'Multitoe' project offers touch interface -- for feet

System sits flush with floor and when someone stands on it, the floor lights up (see video, below)

Researchers from Germany's Hasso Plattner Institute previewed a new touch interface called Multitoe that uses feet, instead of fingers or hands, at the Computer Human Interaction conference in Atlanta Sunday.

"We're wondering if the main ideas of multitouch as we know from Microsoft Surface and a couple of tables can be expanded into rooms," said Patrick Baudisch, a professor at the Institute and chair of its Human Computer Interaction group. "We're building a floor that is based on the same concept as multitouch tables."

The group's prototype is a proof of concept, relatively small and can accommodate about one user, but Baudisch said that he hopes the system could one day scale much larger, perhaps the size of a whole warehouse.

"Direct touch is typically considered a very desirable and natural way of interaction," Baudisch said. "On the other hand direct touch is kind of limited to arms length right now. If I have a table and the table is substantially larger than my arm then I can walk around the table, but at some point it becomes impossible."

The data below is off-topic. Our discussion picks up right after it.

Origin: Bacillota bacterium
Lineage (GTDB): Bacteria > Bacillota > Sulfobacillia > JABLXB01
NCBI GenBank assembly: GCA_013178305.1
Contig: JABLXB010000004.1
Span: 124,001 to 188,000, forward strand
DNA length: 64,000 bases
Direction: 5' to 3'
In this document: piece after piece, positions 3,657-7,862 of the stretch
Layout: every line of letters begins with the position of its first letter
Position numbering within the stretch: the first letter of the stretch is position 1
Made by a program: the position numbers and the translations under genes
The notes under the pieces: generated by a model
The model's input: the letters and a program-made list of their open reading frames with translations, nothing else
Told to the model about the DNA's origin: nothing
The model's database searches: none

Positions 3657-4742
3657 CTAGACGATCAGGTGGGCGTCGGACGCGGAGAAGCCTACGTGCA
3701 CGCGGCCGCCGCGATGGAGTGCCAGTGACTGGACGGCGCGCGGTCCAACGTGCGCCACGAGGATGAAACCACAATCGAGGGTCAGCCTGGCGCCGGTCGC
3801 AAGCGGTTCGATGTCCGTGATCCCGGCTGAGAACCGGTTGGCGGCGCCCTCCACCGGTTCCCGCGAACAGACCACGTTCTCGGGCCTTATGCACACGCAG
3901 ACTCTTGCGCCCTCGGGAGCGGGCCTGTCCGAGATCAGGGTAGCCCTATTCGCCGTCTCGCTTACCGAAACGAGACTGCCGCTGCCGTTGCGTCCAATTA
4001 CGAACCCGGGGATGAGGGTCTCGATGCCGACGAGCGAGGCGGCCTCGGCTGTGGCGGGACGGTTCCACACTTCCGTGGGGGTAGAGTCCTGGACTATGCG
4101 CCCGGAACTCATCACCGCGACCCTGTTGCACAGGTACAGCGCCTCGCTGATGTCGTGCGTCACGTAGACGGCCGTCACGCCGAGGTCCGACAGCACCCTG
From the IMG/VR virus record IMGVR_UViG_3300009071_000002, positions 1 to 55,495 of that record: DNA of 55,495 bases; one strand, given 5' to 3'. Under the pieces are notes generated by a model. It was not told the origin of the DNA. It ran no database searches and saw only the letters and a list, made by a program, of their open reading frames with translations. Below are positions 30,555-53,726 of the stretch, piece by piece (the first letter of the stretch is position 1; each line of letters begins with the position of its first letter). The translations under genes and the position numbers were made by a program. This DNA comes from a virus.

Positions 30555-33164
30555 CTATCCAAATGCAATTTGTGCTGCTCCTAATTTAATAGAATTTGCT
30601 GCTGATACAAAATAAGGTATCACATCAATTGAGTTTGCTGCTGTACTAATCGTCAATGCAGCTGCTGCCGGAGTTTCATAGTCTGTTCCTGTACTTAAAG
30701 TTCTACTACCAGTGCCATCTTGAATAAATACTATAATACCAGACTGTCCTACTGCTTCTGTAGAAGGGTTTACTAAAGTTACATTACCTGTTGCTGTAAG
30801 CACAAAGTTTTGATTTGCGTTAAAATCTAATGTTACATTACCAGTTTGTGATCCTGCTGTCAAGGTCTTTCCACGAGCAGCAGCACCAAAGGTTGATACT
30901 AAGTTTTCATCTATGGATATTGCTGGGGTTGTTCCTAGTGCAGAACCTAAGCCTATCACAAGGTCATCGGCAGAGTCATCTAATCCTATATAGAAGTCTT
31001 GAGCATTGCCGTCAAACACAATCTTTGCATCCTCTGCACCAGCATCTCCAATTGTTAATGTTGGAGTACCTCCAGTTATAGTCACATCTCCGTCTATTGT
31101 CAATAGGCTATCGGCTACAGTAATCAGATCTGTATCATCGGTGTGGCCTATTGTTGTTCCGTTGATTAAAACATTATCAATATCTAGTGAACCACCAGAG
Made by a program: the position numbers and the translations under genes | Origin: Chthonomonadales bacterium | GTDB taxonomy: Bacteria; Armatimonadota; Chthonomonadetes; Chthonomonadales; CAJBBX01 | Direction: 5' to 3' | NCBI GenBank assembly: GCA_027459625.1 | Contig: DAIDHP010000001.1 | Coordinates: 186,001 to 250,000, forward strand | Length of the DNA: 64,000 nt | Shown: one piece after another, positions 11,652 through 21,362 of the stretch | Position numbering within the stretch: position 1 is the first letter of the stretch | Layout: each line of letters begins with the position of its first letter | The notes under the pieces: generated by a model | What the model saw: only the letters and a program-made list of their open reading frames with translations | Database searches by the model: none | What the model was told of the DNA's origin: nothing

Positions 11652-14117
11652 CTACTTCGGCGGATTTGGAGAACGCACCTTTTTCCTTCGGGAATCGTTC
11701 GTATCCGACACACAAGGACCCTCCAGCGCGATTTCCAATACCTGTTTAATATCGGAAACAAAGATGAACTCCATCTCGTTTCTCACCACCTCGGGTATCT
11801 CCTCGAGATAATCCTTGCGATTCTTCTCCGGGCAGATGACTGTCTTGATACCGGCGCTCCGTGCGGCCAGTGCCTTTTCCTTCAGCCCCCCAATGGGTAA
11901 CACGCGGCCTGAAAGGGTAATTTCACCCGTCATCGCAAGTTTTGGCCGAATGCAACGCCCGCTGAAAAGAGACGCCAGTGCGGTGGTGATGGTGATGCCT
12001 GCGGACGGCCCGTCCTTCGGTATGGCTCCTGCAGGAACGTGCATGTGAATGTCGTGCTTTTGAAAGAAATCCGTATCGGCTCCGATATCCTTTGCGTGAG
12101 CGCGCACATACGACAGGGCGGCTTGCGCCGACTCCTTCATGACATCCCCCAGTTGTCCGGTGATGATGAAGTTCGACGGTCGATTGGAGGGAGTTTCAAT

The system sits flush with the floor and when someone stands on it, the floor will light up. According the Baudisch, the system can store user profiles based each user's shoe sole. He said that each shoe sole is slightly different, even different sizes of the same model shoe appear differently, and the software can tell the difference. Once the profiles are stored, the interface can identify users.

In order to enable direct manipulation on floors, the group uses a technique called frustrated total internal reflection (FTIR) with high camera resolution. The concept is complex, but light is first injected to the pane of glass, on which a user stands, from below.

A team of German researchers are working on a new touch interface that doesn't use hands or fingers, but feet and are presenting a preview of the work at this year's Computer Human Interaction or CHI conference in Atlanta.

"When something touches the glass (sole and glass have a similar index of refraction) the light is not reflected anymore," Baudish explained in a follow-up email exchange. "It escapes and illuminates the sole instead, but only those parts that touch (the reflection is 'frustrated')." The camera below the glass can see this and "all is black except the light spots where the contact is taking place."

Baudisch said that one of the challenges was trying to tell whether or not a user wanted to interact with the system. "How not to interact with a table is you take your hands off," he said. "How not to interact with the floor is kind of hard because you basically have to levitate," he joked.

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